Monday, February 25, 2008

Helen Corbin

Feburary 25, 2008 © Thomas J. Kollenborn. All Rights Reserved.

Helen Corbin was born on January 29, 1931, in Philadelphia, Pa., and many of her friends believe she was born with the determination to be successful in life no matter what goal she chose.

You would call Helen a very dedicated and conservative American. Her country meant everything to her. She supported law enforcement all her life and with all her heart. From the time she arrived in Arizona she was a strong advocate of law and order. Her husband, Robert K. Corbin, served as Maricopa County attorney and also as attorney general of Arizona.

Helen began her professional career in Arizona as editor of the Arizona County Attorney’s and Sheriff’s magazine. She won several awards from the National and Arizona Association of Press Women for her work with the magazine. Helen and Bob Corbin became friends with many of the sheriffs of Arizona counties. She edited the magazine for several years and had an impeccable reputation of honesty, integrity, and tenacity.

Bob and Helen were married in 1959 and after arriving in Arizona it wasn’t long before they started hiking into the Superstition Mountains. She visited Ed Piper’s camp near the base of Superstition Mountain in 1960. The trip and the stories Bob brought home from his many experiences in the mountains kept Helen very interested in the history of the area.

Bob Corbin believed in and hunted the Lost Dutchman’s mine most of his life. He loved his trips into the Superstition Wilderness Area with various friends looking for the old Dutchman’s Mine. Bob and I spent almost 20 years making trips in the Superstition Wilderness Area. I was following a dream and Bob was searching for a lost mine.

Often Bob would come home to Helen with stories about his searches and the many characters he met. Helen began to assemble these stories and to write them down. Eventually these stories became a book. Her first book about the lost gold of Superstition Mountain was The Curse of the Dutchman Mine published in 1990. This book was followed by Senner’s Gold in 1993. Helen believed when she wrote The Bible of the Lost Dutchman Mine and Jacob Waltz in 2002, she had written the final book on the subject. Her book The Bible of the Lost Dutchman Mine and Jacob Waltz contained copies of documents about the Dutchman’s Lost Mine that had never been published before. Such documents as the Olber’s ship’s manifest with Jacob Waltz[’s] name on it. This document also provided Waltz’s date of crossing the Atlantic Ocean and his port of arrival in America. The port was New Orleans and the date was November of 1839.

Another important document in Helen’s book was the Peeples-Weaver Party’s Expedition Manifest that included Waltz’s name again. This document provided proof of when Waltz arrived in the Prescott area of the Bradshaw Mountains in 1863. The party first panned and worked placer gold along Lynx Creek near what is known today as Walker.

Helen’s chronicling of Waltz’s arrival in America and accurately documenting information related to Waltz between 1839 and the time of his death on October 25, 1891, was a milestone in the story of the Dutchman’s Lost Mine. This work provides future historians with well documented facts about this obscure Arizona pioneer.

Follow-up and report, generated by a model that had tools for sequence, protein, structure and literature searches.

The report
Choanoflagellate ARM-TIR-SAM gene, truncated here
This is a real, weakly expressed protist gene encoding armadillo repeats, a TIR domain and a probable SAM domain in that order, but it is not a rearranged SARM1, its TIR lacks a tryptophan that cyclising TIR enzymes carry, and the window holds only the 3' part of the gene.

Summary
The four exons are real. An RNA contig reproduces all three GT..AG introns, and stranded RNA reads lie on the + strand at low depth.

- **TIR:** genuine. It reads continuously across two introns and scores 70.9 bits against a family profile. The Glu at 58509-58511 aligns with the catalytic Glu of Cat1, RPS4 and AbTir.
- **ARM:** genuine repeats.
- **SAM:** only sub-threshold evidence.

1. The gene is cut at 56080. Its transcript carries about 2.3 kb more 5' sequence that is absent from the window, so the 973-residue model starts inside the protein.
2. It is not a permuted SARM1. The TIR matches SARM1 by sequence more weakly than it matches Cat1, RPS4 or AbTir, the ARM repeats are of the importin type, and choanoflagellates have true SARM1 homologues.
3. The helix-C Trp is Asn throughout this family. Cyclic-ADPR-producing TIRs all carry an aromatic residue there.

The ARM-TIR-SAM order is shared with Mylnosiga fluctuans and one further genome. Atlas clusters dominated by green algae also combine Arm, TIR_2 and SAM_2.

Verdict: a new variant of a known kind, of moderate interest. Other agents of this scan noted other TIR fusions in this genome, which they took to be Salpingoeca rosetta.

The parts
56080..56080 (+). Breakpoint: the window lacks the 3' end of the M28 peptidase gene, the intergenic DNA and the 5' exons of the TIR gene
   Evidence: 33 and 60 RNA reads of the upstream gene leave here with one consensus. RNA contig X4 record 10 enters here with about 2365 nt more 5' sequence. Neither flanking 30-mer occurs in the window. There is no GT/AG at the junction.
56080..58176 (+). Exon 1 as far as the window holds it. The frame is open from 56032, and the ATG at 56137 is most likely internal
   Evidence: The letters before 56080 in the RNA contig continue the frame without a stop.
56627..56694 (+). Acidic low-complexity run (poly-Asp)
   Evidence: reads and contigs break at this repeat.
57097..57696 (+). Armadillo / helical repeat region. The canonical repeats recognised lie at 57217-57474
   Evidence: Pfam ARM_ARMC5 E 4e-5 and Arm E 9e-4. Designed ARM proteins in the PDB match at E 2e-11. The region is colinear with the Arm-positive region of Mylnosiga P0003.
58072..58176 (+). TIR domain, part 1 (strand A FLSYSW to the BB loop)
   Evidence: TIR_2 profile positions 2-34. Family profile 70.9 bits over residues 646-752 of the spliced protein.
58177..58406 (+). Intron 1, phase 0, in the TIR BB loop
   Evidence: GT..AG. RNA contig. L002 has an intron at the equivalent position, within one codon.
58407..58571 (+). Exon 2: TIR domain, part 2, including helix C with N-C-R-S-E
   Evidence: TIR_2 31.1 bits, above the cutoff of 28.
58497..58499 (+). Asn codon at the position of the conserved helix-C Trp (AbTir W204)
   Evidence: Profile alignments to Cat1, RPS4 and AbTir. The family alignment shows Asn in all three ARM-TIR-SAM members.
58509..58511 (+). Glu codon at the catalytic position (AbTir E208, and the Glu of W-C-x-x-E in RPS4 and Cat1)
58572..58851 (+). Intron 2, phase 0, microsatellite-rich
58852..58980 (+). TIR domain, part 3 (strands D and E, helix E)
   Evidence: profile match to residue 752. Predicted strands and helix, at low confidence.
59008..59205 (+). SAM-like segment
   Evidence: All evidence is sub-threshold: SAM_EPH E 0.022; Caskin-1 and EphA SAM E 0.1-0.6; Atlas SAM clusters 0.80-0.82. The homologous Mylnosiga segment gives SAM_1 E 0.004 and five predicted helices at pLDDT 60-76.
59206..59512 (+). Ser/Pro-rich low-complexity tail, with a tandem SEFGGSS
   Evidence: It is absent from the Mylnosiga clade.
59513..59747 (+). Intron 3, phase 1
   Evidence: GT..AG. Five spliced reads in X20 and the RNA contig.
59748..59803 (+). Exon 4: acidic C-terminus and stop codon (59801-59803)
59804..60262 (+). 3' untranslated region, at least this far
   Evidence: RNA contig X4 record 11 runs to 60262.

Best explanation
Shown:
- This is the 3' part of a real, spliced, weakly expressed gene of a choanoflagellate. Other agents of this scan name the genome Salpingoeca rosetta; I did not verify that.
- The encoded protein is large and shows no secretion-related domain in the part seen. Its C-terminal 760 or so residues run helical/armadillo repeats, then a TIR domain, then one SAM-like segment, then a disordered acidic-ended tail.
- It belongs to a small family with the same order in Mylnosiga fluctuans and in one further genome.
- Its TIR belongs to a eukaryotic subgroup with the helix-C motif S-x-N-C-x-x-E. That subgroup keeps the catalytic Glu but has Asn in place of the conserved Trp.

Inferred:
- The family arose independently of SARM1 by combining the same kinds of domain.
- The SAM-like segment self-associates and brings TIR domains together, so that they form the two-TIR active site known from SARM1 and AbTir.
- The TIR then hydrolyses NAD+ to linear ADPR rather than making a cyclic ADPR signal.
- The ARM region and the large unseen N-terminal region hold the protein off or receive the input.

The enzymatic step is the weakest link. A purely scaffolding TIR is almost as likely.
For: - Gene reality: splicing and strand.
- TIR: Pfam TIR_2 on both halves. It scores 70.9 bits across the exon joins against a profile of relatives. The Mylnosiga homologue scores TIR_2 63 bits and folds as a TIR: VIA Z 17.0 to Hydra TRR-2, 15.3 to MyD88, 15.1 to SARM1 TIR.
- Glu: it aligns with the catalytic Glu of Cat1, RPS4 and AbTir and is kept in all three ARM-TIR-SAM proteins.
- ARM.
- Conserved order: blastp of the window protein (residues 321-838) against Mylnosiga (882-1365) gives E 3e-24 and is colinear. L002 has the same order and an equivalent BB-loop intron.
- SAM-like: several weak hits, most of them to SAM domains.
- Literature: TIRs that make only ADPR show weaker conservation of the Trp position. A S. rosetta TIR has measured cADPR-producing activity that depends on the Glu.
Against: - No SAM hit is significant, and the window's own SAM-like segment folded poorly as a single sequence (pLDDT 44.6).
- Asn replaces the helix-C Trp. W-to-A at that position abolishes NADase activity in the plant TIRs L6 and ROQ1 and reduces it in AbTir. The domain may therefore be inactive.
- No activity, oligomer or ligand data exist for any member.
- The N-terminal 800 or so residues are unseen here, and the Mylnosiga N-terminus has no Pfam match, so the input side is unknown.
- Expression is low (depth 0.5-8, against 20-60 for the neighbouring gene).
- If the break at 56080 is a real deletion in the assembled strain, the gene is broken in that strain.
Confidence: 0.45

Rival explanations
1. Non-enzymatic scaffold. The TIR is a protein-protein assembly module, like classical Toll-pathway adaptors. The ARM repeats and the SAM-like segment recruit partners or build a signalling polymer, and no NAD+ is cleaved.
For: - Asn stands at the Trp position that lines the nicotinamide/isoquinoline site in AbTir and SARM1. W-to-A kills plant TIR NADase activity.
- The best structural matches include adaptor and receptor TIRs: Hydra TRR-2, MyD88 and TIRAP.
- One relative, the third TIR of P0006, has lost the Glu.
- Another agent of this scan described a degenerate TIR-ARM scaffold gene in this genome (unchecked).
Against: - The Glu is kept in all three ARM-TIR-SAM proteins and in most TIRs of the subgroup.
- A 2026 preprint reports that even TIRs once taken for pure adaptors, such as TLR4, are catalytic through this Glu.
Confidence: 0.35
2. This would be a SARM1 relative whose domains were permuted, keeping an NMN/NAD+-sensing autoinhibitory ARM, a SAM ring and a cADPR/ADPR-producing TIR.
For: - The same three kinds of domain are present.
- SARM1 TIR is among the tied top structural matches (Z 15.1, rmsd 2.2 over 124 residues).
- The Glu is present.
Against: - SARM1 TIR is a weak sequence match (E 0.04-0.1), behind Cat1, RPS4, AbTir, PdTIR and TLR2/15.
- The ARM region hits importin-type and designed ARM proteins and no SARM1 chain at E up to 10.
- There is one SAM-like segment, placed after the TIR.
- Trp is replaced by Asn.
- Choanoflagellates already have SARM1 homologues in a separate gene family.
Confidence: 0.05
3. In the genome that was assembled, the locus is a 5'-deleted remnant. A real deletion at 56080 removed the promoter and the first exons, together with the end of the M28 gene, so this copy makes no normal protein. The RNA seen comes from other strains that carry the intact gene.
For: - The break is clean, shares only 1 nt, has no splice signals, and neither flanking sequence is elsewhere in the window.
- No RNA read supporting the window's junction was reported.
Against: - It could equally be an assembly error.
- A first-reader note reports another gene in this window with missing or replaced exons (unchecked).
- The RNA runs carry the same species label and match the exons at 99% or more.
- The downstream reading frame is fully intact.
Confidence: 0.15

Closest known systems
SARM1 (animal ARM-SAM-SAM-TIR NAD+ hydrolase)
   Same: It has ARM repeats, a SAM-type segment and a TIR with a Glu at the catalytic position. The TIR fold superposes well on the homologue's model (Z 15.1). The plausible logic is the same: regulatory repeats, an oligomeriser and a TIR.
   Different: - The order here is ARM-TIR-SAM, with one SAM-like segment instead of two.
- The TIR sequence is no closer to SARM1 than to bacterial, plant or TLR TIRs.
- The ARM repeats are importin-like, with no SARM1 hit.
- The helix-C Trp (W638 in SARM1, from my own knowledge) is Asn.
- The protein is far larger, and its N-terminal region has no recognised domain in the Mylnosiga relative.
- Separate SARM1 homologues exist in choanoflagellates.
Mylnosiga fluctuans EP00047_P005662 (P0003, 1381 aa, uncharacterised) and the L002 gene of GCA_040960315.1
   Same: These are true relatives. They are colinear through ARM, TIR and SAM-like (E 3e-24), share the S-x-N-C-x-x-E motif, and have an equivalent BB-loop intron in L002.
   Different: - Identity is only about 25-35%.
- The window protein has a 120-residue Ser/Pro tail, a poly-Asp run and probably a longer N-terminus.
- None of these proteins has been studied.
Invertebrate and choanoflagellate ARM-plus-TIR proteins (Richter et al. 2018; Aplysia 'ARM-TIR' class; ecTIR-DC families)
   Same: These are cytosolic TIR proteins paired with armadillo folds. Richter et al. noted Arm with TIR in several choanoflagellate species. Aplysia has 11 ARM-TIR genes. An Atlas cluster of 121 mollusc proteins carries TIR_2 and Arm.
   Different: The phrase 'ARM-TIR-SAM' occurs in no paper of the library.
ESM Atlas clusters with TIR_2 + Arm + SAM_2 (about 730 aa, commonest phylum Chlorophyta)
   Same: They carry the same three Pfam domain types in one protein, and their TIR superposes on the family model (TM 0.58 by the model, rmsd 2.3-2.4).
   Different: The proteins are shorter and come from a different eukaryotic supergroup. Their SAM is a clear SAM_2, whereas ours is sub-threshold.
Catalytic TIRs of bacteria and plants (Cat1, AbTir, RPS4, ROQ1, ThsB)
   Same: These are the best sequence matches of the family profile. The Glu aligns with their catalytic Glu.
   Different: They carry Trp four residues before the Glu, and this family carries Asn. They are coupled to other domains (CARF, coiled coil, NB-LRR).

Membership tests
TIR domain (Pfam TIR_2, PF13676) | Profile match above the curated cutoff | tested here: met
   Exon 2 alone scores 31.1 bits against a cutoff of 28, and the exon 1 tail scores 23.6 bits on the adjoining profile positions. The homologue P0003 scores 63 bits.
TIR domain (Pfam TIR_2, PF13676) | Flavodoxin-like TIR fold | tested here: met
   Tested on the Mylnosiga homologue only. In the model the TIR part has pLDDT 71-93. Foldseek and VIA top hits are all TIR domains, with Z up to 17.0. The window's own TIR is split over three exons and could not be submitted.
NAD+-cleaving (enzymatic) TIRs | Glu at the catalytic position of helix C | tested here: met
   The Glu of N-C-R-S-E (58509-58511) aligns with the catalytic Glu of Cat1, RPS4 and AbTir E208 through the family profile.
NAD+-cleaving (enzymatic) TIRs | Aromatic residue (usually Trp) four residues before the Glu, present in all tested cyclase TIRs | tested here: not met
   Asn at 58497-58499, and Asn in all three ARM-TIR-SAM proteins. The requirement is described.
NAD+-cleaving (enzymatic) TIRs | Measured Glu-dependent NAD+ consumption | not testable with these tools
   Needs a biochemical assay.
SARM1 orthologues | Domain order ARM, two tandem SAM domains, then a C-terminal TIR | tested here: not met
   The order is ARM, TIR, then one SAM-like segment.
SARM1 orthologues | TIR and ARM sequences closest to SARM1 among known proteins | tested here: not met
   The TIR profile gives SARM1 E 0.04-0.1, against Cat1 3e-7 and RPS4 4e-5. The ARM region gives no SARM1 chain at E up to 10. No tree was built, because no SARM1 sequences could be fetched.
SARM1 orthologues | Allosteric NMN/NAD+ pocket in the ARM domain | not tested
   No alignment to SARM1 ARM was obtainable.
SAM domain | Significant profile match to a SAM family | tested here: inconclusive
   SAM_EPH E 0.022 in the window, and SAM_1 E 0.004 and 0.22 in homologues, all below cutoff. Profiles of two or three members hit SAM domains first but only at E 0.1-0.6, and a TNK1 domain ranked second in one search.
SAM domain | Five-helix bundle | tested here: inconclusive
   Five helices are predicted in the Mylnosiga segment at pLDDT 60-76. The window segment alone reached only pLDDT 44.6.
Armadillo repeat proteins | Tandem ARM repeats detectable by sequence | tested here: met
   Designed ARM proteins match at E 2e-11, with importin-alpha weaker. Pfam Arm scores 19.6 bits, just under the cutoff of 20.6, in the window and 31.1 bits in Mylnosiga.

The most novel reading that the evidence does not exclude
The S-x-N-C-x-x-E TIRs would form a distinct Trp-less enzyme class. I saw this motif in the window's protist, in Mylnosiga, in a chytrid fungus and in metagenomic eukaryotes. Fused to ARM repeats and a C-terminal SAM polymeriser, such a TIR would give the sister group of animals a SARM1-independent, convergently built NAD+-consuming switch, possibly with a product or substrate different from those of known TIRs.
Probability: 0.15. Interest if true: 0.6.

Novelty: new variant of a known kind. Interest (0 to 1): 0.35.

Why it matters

Helen’s research and documentation has provided a link between yesteryear and today not well understood before her book. Historians in the future will have Helen Corbin to thank because she provided the information that will help them to continue researching the topic.

Over the years, her husband met many advocates of the infamous Dutchman story and provided Helen with much of the material needed to put her books together. Helen Corbin’s legacy will be that of a wife, mother, grandmother, author and an American patriot who met a major challenge in life and overcame it. Those of us who knew her understood the enormous odds she had to overcome to accomplish the task of writing about the Dutchman’s Lost Mine and the Superstition Mountains. She has certainly left an imprint on [the] history of the American Southwest.

Helen visited Apache Junction on many occasions. She also joined book signing parties on several occasions at museums and bookstores in the Apache Junction area. Many people in Apache Junction and Gold Canyon met or knew Helen Corbin. She certainly will be missed by many friends in the area.

Helen Corbin passed away at her home near Walker, Ariz., on Saturday, January 26, 2008.

Monday, February 11, 2008

A Special Valentine

February 11, 2008 © Thomas J. Kollenborn. All Rights Reserved.

We all go through life either with a partner or looking for one. I met my partner in 1959, while I was working at the Quarter Circle U Ranch. 

Sharon and Tom Kollenborn

It was certainly a primitive life at the time, punching cows for William T. Barkley. We had few of the amenities associated with modern life; it was like living back in the 1880s. I was often isolated from civilization because of road condition[s] or no vehicle to drive. Early in May of 1959, I was severely injured by a really mean range bull. I spent about 60 days in the old Southside Hospital at Hibbert and Main streets in Mesa. When I was released from the hospital I returned to the ranch.